The Sleeper and the Spindle by Neil Gaiman*

I didn’t actually read The Sleeper and the Spindle by Neil Gaiman and Chris Ridddell.  But I must say, this is an illustrated text I would really enjoy reading.  Check out the gorgeous cover:



Except, I did not read this book.  Not one word.  Not even the blurb.  Not. One. Word.  And really, you shouldn’t either.  I listened to it and it was amazing.  (OK, to be honest, I listened to it twice, but more on that later).

For the second year in a row I am attempting to complete Book Riot‘s Read Harder 2016 Challenge.  Check out this task list:


The task in question is :  Listen to an Audiobook that has won an Audie Award.  A quick check of Audiophile’s website led me to this title.  What grabbed me was the description: full cast and sound effects.  I cruised over to the Ocean State Libraries eZone and downloaded it directly to my phone.  (seriously, how great is that?!)

It was so good, I listened to it twice, once on my own and once with my 19 year old daughter – a captive audience on a long car ride.  Ten minutes in she paused the recoding and told me that while she was initially just being polite, she now was hooked.  We listened to the very end!  Check out this 5 minute excerpt and you will be hooked as well.


Audiobook Excerpt



Jackaby by William Ritter


Cool cover, huh?

Superwholockians (fans of Supernatural, Dr. Who, Sherlock)  are going to love this series.  This is a smart, complicated series with a solid set of characters.  It’s so well-written that you the reader can truly believe the magic amid the historical setting.

If you have enjoyed the Flavia deLuce series, this would be a great follow up.


Source:  ebook from the public library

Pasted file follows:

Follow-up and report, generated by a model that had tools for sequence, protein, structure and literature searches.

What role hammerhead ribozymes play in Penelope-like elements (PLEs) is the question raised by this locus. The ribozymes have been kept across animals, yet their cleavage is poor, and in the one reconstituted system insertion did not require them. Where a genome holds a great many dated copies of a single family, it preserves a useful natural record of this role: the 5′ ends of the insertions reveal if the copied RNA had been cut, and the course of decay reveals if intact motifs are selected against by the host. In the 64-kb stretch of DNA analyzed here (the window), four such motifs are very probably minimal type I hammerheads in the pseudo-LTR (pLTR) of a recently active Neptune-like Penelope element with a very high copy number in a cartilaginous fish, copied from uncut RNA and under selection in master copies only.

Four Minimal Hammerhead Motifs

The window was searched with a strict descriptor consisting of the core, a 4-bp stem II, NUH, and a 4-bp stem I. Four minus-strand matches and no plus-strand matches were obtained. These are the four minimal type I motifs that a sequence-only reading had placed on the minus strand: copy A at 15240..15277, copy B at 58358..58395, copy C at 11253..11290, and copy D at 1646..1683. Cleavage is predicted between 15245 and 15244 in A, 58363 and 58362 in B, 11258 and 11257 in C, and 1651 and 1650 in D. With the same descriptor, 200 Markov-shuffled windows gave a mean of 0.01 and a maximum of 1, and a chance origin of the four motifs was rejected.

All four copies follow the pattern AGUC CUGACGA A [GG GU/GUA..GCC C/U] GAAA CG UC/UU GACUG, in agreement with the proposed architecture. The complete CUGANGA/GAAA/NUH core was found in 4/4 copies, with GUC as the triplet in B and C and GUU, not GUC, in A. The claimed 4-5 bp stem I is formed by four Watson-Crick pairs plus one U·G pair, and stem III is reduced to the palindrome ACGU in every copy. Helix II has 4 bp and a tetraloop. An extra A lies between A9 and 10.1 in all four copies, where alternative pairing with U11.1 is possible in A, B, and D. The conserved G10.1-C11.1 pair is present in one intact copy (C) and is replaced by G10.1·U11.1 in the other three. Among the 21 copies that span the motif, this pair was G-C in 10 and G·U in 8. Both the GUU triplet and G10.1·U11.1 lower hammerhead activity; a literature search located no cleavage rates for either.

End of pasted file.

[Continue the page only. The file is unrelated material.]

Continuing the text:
Audience:  middle school, high school, even adults

Through the Woods, stories by Emily Carroll

(I used guidelines from East Carolina University to help me critically evaluate this text.)

This graphic novel is a collection of 5 stories of similar style and tone.  Think creepy ghost story meets very grim fairy tale.  In each story the main character is faced with a choice, what she chooses will lead to her…adventure.

First off, the text.  I found this appropriate for middle and high school in terms of content and vocabulary.  Struggling readers will not find too many difficult words or sentence structures.  Skilled readers will find the plots intriguing and interesting.  The cover art certainly reflects the content of the book and will have excellent shelf appeal.  The interior art and text work well together.  I found myself flipping back pages to check detail in the art as I made predictions about the plot.  Each palette of color seemed to be chosen deliberately.  A variety of page layouts add to the interest of the book.

Artists may enjoy a scroll through the author’s website.

Thanks to my local library for buying this book!

In the Shadow of Blackbirds by Cat Winters

Excellent historical context and some nice creepy Gothic elements were strengths for this book. I’ve read other books about the Spanish Influenza outbreak and this one does a fine job detailing the hysteria and tragedy of the time.  The plot was a bit too slow, and I found some characters to be lacking in detail. Despite these concerns, I think this is a writer I will seek out in the future.

Source:  Public Library